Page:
Despite media claims that the youth of today is beginning to lean towards the less traditional ways of spending free time, the most historical of Britain’s sights are still the most popular among kids. It seems that perhaps British conservatism and respect for history are winning against the revolution of electronic devices.
It is true that, whereas children used to go on trips with their parents to national sights, they now very much prefer to spend time chatting on the Internet and playing around with their Ipod. However, a recent report about tourism for children has revealed that the most popular destinations in Britain are still the classic historical ones and the modern feats of technology came out second best.
In a survey conducted by a budget hotel chain Travelodge asking children about their best loved national landmark, Stonehenge came out in 1st position. The 5,000-year-old monument will probably never cease to be so popular as long as we do not discover how it appeared and who was responsible for it. Out of the 2,500 children involved in the survey, between the ages of 8 and 15, most pointed to Stonehenge as their number one. Hadrian’s Wall came in with the silver medal and is also a very historical place.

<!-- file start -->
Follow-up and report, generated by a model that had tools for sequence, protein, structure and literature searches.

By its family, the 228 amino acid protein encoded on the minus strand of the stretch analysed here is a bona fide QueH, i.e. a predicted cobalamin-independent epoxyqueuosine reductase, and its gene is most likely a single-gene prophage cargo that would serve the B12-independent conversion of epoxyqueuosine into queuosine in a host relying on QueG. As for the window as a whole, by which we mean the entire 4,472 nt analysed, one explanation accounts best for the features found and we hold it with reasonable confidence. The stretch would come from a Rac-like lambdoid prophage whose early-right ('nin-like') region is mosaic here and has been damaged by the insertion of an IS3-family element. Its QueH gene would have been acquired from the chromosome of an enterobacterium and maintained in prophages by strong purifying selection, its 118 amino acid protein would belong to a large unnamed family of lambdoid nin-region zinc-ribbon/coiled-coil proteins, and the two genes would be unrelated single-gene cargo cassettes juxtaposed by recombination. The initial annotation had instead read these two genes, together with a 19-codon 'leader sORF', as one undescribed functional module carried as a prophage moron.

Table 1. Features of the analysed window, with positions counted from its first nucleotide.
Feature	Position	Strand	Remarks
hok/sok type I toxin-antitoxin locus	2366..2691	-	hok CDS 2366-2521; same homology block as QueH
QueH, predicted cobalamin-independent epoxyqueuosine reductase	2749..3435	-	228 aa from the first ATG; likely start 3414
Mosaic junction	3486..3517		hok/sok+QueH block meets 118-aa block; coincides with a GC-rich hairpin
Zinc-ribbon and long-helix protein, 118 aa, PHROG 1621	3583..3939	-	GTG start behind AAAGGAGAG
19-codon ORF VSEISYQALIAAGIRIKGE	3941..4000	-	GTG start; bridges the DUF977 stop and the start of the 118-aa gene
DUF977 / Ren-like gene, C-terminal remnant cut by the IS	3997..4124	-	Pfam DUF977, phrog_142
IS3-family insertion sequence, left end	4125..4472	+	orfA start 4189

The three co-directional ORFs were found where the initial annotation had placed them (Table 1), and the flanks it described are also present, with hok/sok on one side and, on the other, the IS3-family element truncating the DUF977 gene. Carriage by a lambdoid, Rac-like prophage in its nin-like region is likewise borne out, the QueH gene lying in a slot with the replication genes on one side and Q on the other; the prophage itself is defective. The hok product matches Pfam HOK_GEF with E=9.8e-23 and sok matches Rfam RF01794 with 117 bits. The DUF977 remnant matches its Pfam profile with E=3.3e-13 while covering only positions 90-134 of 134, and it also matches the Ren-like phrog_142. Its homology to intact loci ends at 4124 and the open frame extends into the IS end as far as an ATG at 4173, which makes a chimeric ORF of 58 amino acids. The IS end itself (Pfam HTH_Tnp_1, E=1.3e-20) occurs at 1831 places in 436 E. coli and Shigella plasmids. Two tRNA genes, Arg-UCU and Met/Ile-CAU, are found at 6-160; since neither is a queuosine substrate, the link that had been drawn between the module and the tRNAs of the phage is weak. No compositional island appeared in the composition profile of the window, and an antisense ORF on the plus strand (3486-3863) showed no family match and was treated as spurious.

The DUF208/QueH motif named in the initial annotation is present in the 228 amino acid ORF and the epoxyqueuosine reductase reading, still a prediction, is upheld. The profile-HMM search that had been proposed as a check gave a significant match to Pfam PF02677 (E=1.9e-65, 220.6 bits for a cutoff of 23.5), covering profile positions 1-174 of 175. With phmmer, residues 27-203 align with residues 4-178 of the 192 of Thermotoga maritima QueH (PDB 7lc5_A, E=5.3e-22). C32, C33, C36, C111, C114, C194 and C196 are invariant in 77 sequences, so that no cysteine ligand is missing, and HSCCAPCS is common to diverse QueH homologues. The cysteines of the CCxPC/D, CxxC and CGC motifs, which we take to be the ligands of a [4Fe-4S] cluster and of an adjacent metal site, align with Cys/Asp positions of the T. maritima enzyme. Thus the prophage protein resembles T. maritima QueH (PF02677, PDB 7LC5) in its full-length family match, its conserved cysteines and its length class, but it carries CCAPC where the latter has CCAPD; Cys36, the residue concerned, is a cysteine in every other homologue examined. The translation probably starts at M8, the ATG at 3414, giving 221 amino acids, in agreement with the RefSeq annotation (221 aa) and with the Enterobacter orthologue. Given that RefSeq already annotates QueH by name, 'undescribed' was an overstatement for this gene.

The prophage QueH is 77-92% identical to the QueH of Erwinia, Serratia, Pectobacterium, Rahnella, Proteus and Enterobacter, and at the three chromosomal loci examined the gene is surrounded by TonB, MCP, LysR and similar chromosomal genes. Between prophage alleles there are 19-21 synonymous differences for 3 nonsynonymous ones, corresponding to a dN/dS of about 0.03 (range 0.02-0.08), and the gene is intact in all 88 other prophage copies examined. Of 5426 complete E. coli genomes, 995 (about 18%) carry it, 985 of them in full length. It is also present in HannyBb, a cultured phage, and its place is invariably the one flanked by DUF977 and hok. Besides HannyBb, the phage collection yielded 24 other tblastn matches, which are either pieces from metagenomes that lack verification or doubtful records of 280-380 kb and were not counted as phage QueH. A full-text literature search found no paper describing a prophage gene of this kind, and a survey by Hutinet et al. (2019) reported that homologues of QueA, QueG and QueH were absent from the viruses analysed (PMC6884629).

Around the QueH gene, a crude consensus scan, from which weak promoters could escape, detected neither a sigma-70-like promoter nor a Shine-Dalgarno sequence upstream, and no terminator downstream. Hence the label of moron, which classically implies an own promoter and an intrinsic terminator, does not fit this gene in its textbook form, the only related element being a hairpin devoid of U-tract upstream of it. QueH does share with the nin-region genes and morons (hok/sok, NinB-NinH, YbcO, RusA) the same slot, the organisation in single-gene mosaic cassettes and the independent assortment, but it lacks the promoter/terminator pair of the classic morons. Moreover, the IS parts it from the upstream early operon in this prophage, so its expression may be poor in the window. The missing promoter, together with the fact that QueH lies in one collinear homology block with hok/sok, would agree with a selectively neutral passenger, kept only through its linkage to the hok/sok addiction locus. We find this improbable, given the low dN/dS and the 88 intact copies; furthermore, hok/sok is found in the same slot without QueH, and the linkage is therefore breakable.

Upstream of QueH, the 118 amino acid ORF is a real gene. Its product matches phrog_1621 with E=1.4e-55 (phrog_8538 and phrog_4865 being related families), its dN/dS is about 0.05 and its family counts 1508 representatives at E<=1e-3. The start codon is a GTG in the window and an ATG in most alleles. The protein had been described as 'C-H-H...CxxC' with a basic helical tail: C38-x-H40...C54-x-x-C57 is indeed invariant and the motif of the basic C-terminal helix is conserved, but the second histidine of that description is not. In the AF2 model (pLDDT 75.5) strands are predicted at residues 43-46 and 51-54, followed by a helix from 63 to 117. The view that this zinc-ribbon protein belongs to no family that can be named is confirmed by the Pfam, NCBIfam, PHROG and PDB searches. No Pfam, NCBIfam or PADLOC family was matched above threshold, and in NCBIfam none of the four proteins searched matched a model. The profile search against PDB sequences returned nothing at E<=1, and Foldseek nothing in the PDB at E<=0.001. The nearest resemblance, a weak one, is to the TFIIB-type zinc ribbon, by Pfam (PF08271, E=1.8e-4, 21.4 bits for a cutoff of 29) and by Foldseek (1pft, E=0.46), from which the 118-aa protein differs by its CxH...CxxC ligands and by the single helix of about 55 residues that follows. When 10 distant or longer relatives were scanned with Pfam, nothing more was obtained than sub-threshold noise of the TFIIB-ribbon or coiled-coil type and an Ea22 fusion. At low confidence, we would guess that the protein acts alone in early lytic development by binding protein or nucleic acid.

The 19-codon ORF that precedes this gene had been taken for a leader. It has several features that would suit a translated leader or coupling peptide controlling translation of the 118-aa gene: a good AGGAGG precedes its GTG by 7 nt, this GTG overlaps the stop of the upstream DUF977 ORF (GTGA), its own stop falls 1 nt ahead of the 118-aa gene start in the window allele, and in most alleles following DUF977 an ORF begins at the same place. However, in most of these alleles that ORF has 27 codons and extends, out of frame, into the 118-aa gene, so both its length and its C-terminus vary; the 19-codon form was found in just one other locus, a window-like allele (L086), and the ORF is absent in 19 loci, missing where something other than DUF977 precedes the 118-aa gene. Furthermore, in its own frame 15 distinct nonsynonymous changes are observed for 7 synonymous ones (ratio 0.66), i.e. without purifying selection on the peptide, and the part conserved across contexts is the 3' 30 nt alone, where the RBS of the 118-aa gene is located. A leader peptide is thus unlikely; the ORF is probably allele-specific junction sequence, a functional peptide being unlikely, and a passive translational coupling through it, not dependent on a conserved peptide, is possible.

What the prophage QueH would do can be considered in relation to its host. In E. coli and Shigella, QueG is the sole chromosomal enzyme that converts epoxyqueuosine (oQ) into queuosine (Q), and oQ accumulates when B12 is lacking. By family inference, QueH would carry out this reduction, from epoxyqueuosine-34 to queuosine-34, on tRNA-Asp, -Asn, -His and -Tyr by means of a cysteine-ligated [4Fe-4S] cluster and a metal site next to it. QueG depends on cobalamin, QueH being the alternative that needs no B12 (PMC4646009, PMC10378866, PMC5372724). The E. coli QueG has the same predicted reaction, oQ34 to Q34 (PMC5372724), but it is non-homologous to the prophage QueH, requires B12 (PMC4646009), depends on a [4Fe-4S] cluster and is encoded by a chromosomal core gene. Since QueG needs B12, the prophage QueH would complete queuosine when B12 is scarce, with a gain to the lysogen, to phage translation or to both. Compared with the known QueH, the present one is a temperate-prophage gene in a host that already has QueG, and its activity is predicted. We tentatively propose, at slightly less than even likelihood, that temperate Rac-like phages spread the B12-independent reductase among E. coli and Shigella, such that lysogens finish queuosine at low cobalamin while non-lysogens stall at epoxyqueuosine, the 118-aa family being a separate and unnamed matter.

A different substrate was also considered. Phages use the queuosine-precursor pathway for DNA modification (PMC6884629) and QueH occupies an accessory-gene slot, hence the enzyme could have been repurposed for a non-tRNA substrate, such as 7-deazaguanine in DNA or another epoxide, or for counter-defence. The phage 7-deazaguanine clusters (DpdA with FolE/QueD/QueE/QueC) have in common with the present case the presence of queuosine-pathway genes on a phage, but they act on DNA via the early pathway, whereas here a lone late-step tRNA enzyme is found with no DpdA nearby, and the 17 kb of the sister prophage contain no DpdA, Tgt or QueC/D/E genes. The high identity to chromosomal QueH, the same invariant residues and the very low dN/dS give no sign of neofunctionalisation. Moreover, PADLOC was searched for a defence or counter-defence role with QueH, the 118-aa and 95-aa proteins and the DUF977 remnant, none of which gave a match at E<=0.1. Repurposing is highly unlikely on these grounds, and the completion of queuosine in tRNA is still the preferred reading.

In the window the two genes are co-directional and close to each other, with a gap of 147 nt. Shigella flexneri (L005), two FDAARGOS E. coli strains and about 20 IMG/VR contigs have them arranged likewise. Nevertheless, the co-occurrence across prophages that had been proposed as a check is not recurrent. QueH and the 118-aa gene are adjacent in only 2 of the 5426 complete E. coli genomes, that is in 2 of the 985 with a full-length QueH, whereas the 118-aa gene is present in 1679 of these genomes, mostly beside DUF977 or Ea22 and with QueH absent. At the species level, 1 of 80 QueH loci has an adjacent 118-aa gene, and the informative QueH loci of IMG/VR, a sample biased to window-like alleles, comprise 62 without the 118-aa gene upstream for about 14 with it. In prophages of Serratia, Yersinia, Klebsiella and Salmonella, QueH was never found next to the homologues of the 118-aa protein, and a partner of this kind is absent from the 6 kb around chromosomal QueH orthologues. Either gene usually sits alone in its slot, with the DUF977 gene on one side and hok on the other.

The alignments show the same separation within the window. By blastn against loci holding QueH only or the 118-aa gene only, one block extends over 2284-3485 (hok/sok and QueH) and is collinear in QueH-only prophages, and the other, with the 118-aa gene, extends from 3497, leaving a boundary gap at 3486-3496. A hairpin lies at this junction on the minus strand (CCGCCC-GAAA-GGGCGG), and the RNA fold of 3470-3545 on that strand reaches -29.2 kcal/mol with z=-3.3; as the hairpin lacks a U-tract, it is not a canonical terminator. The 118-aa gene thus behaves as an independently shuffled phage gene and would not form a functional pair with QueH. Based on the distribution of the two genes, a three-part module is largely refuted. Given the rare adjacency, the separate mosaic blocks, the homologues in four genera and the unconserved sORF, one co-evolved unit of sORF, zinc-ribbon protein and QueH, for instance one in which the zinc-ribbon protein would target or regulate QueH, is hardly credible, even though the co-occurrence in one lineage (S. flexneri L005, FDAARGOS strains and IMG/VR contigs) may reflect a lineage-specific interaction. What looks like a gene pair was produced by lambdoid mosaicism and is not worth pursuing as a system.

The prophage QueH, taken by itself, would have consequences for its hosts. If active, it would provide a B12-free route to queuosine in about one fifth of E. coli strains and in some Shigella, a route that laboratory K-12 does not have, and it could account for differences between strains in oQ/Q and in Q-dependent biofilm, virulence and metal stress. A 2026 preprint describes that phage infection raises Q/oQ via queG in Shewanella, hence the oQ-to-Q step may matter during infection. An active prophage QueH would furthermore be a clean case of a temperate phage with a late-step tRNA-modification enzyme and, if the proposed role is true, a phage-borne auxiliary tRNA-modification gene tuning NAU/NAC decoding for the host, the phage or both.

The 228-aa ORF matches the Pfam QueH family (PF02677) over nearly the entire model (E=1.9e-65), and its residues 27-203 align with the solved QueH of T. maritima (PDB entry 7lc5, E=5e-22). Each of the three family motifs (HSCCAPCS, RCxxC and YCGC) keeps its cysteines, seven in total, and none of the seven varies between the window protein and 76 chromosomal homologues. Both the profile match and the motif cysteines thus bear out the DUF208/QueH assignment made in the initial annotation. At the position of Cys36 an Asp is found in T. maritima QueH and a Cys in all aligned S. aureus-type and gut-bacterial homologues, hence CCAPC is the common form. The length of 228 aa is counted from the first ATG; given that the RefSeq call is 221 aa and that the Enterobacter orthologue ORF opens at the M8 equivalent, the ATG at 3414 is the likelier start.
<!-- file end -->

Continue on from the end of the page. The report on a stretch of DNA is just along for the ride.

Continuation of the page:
The modern interventions started in third place, with the London Eye, though this trend is quickly surpassed by the appearance of the Edinburgh Castle in fourth. Built in the mid 1700’s, this is perhaps Scotland’s most treasured historical place. The cliffs of Dover were the only natural representatives of the top ten, in seventh place and the only sculptural representative was Antony Gormley’s Angel of the North in eighth place. It seems that, in this survey, the key is “the older the better”. Mega consumerism seems to have affected the way young people spend their time and not where they spend it.